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Form and Argument in Late Plato - Christopher Gill

Form and Argument in Late Plato

By: Christopher Gill (Editor), Mary Margaret McCabe (Editor)

Paperback Published: 1st October 2000
ISBN: 9780199241422
Number Of Pages: 360

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Why did Plato put his philosophical arguments into dialogues, rather than presenting them in a plain and readily understandable fashion? In writing rich tales of philosophical encounters, does Plato desert clarity in favour of seducing his readers with fine words, or is there a philosophical reason behind the form of his argument? While recent work has focused on the literary brilliance of the early dialogues, the late dialogues present a particular problem: they lack the vivid literary character of Plato's earlier works, and the dialogue structure seems to be a mere formality. Is there a philosophical reason why Plato's late works are in the form of dialogues? In this volume, a group of internationally prominent scholars address that question. Their answers are fresh, varied, and powerfully argued. This volume offers both a series of first-class essays on major late Platonic dialogues and a discussion which has important implications for the study of philosophical method and the relation between philosophy and literature. It shows that the literary form and modes of dialectic of the late dialogues are richly rewarding to study, and that doing so is of deep importance for Plato's philosophical project.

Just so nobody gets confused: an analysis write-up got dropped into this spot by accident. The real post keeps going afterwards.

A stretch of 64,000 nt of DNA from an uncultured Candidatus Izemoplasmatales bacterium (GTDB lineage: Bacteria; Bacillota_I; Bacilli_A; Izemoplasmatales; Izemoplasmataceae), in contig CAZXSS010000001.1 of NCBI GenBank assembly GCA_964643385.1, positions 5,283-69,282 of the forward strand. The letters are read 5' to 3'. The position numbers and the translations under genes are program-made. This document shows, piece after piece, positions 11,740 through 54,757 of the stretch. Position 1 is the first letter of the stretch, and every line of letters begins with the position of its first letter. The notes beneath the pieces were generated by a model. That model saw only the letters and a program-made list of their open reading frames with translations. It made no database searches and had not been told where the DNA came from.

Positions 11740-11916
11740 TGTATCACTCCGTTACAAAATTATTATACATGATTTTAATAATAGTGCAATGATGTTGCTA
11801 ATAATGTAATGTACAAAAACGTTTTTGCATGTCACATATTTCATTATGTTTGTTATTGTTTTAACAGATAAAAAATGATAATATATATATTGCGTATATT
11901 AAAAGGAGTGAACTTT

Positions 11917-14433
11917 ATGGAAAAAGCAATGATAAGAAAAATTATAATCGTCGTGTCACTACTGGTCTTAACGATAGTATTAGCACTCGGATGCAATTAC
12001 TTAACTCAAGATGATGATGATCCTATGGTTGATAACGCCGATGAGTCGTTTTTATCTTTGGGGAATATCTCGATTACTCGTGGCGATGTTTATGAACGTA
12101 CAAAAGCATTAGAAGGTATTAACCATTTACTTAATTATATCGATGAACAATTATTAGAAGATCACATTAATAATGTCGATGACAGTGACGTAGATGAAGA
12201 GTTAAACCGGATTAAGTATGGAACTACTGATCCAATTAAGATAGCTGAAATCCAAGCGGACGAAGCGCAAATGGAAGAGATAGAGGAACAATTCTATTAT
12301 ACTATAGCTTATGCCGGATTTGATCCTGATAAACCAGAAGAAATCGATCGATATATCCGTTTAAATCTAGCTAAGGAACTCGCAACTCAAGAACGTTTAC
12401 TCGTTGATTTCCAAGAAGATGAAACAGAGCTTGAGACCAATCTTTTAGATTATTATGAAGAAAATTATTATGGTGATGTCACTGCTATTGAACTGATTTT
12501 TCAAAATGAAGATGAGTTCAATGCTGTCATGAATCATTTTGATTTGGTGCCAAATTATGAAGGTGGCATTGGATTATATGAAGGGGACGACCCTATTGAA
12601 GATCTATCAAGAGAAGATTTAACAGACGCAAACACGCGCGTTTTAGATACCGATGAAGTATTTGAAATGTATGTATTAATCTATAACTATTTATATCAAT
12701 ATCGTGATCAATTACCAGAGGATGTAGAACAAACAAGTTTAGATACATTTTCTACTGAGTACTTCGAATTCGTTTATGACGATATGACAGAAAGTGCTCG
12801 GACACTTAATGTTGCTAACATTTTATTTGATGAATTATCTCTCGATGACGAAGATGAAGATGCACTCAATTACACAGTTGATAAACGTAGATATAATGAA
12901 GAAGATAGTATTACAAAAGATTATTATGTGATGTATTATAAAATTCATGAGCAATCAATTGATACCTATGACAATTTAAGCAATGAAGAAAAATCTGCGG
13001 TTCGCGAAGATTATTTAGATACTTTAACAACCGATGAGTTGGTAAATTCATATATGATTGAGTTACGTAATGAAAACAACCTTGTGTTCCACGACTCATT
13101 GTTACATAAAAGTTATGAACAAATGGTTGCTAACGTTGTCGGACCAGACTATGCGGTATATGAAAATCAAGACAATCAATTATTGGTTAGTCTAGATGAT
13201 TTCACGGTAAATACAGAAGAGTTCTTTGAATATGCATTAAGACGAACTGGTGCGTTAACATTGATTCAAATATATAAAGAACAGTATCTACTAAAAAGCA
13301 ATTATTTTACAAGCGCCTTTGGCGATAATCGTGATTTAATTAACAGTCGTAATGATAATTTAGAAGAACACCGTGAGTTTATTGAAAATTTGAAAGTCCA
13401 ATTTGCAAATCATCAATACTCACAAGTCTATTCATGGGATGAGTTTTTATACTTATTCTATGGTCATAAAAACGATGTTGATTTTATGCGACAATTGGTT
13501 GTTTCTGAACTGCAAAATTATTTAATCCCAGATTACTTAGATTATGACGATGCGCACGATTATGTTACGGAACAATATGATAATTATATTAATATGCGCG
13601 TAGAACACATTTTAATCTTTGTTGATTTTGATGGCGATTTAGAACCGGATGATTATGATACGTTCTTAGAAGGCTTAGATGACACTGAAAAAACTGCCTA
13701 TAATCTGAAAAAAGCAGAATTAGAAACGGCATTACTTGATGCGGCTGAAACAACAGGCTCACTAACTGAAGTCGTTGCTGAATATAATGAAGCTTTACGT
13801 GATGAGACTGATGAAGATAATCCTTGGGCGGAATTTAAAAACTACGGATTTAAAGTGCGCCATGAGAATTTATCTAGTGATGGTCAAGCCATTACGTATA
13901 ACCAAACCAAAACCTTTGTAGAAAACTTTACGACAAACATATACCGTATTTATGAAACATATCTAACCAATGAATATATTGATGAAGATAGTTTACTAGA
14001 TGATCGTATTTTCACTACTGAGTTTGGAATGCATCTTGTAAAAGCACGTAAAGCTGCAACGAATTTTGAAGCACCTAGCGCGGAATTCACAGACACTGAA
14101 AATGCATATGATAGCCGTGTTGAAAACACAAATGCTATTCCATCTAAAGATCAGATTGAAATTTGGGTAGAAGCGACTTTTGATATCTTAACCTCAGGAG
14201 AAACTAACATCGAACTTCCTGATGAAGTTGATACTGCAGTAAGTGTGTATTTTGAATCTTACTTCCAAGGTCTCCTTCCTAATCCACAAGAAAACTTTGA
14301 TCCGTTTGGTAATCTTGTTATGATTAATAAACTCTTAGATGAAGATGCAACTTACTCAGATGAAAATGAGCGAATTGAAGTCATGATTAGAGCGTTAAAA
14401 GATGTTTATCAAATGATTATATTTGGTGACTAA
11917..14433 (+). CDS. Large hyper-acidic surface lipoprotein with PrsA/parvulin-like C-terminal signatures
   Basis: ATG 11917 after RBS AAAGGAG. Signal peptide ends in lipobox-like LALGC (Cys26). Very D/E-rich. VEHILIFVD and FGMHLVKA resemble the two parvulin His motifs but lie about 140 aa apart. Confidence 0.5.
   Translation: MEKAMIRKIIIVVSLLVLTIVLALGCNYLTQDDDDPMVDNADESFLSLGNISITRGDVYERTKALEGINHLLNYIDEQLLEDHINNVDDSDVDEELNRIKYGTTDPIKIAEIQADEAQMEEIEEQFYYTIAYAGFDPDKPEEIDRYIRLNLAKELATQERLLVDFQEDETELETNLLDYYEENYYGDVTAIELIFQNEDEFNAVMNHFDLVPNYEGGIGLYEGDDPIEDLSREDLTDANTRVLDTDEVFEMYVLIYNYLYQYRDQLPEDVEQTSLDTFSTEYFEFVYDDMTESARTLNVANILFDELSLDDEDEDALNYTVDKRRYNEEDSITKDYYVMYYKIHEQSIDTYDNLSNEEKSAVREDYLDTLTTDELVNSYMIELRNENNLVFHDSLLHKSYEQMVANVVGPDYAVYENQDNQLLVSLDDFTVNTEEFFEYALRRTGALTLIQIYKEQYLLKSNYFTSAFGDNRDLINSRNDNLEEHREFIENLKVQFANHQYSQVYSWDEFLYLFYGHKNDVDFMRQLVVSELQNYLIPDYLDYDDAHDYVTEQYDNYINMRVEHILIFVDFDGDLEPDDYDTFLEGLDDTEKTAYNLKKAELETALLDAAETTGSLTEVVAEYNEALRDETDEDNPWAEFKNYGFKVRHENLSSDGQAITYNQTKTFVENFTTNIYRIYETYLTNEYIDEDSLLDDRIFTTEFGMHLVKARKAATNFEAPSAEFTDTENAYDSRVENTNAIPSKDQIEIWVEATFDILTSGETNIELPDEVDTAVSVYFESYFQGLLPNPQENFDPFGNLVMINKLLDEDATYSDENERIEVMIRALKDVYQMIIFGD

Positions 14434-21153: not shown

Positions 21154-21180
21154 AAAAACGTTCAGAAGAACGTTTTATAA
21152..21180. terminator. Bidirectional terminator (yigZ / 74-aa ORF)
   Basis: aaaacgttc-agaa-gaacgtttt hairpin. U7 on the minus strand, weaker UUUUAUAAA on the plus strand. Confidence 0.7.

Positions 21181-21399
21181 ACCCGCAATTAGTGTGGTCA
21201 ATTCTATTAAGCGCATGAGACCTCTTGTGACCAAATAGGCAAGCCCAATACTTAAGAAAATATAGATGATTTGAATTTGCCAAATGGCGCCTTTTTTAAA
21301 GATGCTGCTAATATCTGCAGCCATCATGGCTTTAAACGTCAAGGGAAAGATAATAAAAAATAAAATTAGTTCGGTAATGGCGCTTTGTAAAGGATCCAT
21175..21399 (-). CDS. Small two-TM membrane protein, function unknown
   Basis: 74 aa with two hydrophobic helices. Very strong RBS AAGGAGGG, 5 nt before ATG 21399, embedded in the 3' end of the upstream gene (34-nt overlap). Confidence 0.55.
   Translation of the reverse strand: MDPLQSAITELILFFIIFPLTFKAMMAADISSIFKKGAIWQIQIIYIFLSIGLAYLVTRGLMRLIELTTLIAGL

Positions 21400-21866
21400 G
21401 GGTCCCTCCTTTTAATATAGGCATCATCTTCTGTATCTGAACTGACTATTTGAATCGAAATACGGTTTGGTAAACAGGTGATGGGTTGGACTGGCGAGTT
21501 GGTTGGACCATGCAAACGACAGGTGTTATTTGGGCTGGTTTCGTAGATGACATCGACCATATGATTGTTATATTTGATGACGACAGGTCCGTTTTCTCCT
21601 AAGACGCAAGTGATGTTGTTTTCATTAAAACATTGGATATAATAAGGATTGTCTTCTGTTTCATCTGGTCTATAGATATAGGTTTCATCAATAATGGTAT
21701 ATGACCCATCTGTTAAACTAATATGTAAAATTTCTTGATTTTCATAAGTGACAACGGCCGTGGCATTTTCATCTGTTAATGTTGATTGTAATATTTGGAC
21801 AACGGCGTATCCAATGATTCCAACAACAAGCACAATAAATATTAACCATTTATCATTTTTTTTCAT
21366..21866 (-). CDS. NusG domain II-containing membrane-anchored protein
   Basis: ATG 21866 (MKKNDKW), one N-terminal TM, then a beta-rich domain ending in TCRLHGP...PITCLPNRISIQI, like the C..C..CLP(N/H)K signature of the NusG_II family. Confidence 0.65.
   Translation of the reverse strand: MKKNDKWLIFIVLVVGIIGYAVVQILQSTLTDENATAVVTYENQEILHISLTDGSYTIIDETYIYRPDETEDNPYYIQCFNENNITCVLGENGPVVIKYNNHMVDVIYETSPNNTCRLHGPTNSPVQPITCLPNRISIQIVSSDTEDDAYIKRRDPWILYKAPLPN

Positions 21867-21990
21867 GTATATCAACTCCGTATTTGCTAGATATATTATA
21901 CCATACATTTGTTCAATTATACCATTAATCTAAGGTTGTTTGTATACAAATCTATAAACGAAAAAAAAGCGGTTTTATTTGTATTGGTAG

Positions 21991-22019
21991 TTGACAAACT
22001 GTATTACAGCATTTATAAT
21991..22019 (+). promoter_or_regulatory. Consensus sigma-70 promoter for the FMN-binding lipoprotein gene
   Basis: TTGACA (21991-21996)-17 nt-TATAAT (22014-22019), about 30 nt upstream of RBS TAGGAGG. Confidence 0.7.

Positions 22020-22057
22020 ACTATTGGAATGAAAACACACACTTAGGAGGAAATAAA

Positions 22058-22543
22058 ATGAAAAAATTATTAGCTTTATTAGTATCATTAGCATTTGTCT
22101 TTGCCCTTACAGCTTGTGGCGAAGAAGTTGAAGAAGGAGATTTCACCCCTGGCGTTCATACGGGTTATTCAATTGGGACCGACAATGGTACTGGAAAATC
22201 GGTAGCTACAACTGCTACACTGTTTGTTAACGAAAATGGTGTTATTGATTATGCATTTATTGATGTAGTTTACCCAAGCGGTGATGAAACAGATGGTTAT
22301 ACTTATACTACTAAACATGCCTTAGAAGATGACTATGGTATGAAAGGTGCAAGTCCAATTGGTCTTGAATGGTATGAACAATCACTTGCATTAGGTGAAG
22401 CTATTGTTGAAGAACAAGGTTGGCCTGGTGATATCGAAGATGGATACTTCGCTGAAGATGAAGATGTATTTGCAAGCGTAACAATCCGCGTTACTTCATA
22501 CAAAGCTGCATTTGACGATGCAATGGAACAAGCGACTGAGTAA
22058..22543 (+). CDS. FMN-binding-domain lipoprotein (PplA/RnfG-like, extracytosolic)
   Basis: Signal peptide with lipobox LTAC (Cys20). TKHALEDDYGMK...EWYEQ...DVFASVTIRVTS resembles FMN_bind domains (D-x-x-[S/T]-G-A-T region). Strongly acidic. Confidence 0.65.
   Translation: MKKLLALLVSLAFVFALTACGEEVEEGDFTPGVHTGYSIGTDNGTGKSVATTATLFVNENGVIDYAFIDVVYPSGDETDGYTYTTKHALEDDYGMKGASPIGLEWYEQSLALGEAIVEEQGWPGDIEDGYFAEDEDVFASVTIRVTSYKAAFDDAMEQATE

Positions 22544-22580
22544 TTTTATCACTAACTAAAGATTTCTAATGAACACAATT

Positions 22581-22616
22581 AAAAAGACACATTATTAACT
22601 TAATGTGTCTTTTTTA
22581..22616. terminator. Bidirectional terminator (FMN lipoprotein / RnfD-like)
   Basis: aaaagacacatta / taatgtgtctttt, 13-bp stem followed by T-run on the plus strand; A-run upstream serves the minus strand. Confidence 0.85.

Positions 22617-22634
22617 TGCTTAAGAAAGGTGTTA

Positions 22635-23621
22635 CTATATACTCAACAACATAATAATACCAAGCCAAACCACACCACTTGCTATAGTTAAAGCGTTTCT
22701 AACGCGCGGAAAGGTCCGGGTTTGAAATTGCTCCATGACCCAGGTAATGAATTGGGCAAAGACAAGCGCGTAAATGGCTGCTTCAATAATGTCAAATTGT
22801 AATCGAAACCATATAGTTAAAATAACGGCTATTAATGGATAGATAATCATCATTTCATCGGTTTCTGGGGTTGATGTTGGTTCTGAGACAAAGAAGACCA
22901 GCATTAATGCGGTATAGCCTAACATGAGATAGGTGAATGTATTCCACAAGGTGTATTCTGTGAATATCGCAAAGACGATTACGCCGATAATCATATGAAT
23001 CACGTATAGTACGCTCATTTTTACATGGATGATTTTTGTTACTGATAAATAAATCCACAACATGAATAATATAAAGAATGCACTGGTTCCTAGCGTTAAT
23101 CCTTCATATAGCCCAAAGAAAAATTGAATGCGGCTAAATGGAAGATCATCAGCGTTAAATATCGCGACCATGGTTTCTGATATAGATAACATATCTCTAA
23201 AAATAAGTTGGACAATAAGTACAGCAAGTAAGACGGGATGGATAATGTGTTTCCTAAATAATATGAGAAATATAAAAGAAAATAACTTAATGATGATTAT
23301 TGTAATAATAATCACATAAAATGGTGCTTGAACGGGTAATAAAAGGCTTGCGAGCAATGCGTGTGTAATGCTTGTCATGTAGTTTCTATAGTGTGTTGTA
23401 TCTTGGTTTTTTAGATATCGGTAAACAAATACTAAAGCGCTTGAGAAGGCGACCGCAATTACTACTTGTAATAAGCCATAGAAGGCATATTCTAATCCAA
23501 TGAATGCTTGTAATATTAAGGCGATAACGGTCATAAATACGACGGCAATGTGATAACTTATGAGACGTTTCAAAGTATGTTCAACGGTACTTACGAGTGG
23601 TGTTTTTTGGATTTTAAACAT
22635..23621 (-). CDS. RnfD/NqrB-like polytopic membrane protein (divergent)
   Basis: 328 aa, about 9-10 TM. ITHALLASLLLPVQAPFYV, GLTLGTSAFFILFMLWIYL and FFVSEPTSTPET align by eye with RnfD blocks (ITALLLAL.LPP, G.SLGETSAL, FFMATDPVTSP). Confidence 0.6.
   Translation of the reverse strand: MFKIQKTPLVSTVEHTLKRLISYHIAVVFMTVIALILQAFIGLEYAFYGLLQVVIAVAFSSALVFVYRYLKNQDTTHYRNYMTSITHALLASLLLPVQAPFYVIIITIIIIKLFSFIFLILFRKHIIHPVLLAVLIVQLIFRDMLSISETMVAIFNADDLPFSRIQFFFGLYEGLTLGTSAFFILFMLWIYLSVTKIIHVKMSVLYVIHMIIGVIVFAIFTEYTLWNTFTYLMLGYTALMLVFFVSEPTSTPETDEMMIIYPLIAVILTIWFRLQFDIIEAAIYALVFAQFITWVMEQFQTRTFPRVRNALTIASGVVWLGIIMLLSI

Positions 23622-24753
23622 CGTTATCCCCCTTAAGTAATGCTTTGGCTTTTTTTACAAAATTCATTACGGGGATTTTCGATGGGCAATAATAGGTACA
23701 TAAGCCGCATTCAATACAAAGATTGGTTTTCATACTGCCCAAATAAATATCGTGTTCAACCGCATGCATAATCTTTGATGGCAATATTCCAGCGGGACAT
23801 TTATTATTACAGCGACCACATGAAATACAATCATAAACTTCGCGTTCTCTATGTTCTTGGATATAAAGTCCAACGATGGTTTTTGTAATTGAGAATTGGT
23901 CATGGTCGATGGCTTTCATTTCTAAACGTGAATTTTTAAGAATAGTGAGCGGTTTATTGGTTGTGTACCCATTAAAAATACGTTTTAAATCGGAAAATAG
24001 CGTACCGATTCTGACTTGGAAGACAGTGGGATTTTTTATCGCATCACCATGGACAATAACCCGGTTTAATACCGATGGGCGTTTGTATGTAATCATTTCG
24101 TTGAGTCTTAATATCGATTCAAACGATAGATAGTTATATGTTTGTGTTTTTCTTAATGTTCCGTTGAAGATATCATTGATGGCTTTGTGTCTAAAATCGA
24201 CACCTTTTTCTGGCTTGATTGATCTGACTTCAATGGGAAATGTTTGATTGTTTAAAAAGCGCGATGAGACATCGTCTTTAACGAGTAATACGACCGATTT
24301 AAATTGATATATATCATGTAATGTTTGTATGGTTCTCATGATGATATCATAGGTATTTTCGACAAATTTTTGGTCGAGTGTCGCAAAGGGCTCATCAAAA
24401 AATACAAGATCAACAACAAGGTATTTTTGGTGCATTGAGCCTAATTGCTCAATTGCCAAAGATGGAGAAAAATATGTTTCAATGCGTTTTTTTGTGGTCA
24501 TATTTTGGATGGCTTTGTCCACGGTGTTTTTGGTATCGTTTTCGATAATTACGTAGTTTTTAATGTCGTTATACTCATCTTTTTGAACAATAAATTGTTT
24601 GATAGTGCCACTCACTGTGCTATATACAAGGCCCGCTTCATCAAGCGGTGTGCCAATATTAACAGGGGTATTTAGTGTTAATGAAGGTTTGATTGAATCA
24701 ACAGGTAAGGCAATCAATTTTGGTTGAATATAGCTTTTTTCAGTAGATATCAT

Industry Reviews


"The contents of this volume are likely to provide much material for future discussions of late Plato"--Bryn Mawr Classical Review


"Anyone who has tried to unravel the many puzzles of the late Platonic dialogues will find these essays helpful."--Religious Studies Review


Acknowledgementsp. v
Notes on Contributorsp. ix
Note on Conventionsp. xi
Introductionp. 1
Unity in the Parmenides: The Unity of the Parmenidesp. 5
Likeness and Likenesses in the Parmenidesp. 49
Three Platonist Interpretations of the Theaetetusp. 79
Conflicting Appearances: Theaetetus 153d-154bp. 105
The Literary Form of the Sophistp. 135
The Politicus: Structure and Formp. 153
Space, Time, Shape, and Direction: Creative Discourse in the Timaeusp. 179
The Hedonist's Conversion: The Role of Socrates in the Philebusp. 213
Reading the Lawsp. 249
Afterword: Dialectic and the Dialogue Form in Late Platop. 283
Bibliographyp. 313
Index of Ancient Passagesp. 325
Indexp. 337
Table of Contents provided by Publisher. All Rights Reserved.

ISBN: 9780199241422
ISBN-10: 0199241422
Audience: Professional
Format: Paperback
Language: English
Number Of Pages: 360
Published: 1st October 2000
Country of Publication: GB
Dimensions (cm): 21.59 x 13.97  x 2.03
Weight (kg): 0.42

Earn 131 Qantas Points
on this Book

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